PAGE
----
The bushland and gardens across the country are bursting into bloom with the colours of green and gold as wattle from groundcovers to large shrubs and trees blanket the landscape.
Wattle can be found growing in every state and territory in Australia, which is one of the reasons it was selected as our national floral emblem - Golden Wattle to be precise, botanically known as Acacia pycnantha.
There are almost one thousand species of wattle native to Australia, which means there is a wattle suitable for gardens in every state, region or town.
Wattle even has a species with purple flowers and another with red. A leprosa, 'Scarlet Blaze', which may be hard to find in nurseries, is well worth seeking out.
Most, however, flower in the range of creamy white to bright golden yellow.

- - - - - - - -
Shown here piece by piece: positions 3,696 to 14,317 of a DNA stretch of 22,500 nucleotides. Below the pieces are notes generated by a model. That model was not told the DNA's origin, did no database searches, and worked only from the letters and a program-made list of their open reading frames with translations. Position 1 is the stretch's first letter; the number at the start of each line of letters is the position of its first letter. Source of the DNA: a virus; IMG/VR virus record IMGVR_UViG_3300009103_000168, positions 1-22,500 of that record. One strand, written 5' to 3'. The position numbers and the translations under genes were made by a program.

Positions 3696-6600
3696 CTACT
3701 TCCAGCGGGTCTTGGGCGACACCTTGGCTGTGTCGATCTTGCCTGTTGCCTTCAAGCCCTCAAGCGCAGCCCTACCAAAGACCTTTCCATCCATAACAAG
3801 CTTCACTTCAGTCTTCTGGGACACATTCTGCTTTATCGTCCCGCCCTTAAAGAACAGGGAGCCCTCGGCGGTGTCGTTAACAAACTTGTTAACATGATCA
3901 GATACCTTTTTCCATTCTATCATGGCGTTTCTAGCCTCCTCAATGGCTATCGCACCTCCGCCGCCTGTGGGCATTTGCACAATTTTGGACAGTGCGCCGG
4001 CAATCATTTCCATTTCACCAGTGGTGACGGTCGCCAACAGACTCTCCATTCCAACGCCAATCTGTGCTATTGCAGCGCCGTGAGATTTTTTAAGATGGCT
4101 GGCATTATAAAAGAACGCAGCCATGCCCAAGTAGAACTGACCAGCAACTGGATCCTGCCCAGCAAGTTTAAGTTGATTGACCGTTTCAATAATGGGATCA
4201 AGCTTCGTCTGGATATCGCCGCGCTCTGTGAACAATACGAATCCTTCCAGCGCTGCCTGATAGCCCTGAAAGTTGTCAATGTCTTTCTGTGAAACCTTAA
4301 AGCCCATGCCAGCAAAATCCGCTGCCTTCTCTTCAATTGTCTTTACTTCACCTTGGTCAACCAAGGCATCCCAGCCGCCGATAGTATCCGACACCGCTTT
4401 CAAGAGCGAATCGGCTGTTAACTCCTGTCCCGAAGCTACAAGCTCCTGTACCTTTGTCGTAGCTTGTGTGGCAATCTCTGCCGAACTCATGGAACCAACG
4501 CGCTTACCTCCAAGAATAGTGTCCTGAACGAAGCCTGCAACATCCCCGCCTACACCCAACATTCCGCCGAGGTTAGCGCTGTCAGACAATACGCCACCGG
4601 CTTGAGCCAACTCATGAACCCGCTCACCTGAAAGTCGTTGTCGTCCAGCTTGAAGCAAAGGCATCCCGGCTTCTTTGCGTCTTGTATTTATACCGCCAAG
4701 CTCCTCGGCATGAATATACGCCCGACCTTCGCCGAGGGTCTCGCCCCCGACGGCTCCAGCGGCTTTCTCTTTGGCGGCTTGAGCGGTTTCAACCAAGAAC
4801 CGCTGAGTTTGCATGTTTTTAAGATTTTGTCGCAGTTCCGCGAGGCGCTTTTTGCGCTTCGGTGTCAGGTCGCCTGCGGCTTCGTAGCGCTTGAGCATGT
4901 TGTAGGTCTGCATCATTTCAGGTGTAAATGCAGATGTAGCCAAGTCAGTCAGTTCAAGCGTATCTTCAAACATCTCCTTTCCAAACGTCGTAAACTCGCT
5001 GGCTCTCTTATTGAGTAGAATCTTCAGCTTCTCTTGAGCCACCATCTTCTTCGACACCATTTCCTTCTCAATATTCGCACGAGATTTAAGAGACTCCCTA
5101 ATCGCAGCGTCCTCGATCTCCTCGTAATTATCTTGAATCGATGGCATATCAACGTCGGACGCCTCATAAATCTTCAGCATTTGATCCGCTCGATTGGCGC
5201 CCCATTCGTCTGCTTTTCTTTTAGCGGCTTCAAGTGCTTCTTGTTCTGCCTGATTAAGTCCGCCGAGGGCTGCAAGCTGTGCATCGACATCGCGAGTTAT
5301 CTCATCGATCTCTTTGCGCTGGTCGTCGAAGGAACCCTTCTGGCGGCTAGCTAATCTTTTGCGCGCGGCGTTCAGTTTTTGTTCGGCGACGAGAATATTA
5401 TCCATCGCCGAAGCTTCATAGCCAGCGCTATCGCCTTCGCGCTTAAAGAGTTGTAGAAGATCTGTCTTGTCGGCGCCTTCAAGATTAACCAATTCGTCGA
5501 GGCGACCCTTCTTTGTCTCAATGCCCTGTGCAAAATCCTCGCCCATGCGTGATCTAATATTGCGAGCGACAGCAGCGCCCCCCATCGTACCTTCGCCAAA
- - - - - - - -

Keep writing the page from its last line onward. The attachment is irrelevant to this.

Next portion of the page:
Flowers are borne in globular heads or cylindrical spikes depending on species and many have a delicate, subtle scent.
As wattle comes into flower it is often mistakenly accused of causing hay fever in spring, but allergy tests rarely confirm wattle as the culprit.
So when you see wattle in flower season, don't be too quick to blame it for the sneezing and itchy eyes.
The foliage varies from divided leaf types to those with leaf-like structures called phyllodes. These are a modified flattened stem which functions as a leaf.
The foliage can vary from green to blue-grey or almost silver.
As a garden plant wattle is relatively short-lived, but responds well to pruning immediately after flowering to help extend its life.
Selective breeding has given rise to a number of wattle varieties superior to the species types and are more reliable as ornamental garden plants.
Acacia cognata, 'Limelight', is considered as the best dwarf wattle for Australian gardens.
Limelight grows to 1m x 1m and can also be purchased as a grafted standard, its pendulous foliage cascading over time to ground level.
There are other A cognata varieties such as 'Copper Tips' and 'Bower Beauty'; which have attractive bronze to orange new growth that brings another colour to the garden.
Some species of wattles are invasive so care should be taken when selecting, particularly species being grown outside their natural range.